November 22, 1963, South School Playground, New Canaan Connecticut: We only had 20 minutes to eat lunch before the teachers would shoo us outside for recess. The younger grades ate first, first grade, followed by second grade, …. We were in sixth grade and ate last so it always annoyed us, me anyway, that we had to leave the warmth of the cafeteria after precisely 20 minutes on all but the coldest or wettest day. This was a chilly and gray November day. It was cold and windy enough so that no one wanted to play or be out on the playground. We just milled about and tried to keep warm until the 1:45 bell brought us back inside. It was the kind of day where bullies, out of boredom mostly, would pound their victims mercilessly and I spent most of my time avoiding them. Everyone knew who they were, both male and female.
It was about 1:15 when I saw her crying uncontrollably. Her father was a policeman and I had had a crush on her since first grade. My eyes followed her everywhere. My father had died in August of that year, 1963, so I immediately thought the worst had happened. I wanted to run up to her and put my arms around her but I was scared of her, I was scared of all girls then. Still I inched close enough to listen to her friends, who were now balling uncontrollably too. Someone had been shot, someone had died. "Dead," I heard them say and I thought the worst had happened, but she didn't run inside or run home. It wasn't her father. We just stood there, a growing circle of comrades, feeling an enormous weight coming over us, still not knowing what had happened or to who.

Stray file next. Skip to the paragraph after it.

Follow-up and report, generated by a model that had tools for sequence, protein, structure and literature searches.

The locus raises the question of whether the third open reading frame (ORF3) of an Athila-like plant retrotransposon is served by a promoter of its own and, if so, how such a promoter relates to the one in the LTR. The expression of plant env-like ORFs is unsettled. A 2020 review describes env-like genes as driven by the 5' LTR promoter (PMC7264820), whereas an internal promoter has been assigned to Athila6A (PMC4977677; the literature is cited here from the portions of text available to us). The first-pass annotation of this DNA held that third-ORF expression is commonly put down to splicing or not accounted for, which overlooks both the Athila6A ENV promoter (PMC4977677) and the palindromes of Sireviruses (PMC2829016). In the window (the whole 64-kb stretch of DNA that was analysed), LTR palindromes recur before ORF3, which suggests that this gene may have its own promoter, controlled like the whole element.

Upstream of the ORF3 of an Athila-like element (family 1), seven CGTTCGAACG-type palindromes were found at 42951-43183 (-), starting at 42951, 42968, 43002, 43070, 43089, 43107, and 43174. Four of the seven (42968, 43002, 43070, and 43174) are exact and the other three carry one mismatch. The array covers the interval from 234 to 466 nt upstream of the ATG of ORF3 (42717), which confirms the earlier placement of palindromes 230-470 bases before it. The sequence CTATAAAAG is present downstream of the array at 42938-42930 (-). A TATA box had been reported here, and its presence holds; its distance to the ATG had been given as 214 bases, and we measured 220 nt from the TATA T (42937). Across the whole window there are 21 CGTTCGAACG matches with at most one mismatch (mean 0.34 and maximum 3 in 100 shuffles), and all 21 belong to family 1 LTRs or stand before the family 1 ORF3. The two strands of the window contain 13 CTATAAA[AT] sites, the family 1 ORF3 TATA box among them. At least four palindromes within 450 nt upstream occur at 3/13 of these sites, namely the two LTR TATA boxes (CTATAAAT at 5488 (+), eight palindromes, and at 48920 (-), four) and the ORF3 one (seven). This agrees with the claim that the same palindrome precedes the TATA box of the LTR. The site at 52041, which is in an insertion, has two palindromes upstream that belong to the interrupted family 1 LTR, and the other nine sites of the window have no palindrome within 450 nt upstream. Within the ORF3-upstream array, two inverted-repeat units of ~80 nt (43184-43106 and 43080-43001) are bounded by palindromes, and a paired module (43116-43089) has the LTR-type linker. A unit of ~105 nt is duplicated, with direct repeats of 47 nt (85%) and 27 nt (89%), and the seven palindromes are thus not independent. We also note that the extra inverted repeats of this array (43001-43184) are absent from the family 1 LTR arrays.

The gym teacher came out first, blowing her whistle and waving for us to come in quickly. Then, four or five somber faced teachers rounded up those that did not respond instantly to the whistles shrill. We knew the world was ending. No one said a word, no one had to, yet we still did not know what was happening. When we walked towards our classroom, teachers in the hall were crying. Men, who were men, our Principal, were crying. I felt the urge to cry … yet.
The black and white TV, the same one we had watched Alan Shepard and John Glen fly into space with, had been wheeled into the room and was blaring the static of the age. Something about Dallas, something about the President, something about the Vice President, something about a shooting. It was quite confusing. Had the President been shot? No, it couldn't be, shot at perhaps. Then Walter Cronkite came on. He looked at the clock on the wall and took off his glasses. I knew then what had happened, he didn't have to say, "The President is dead."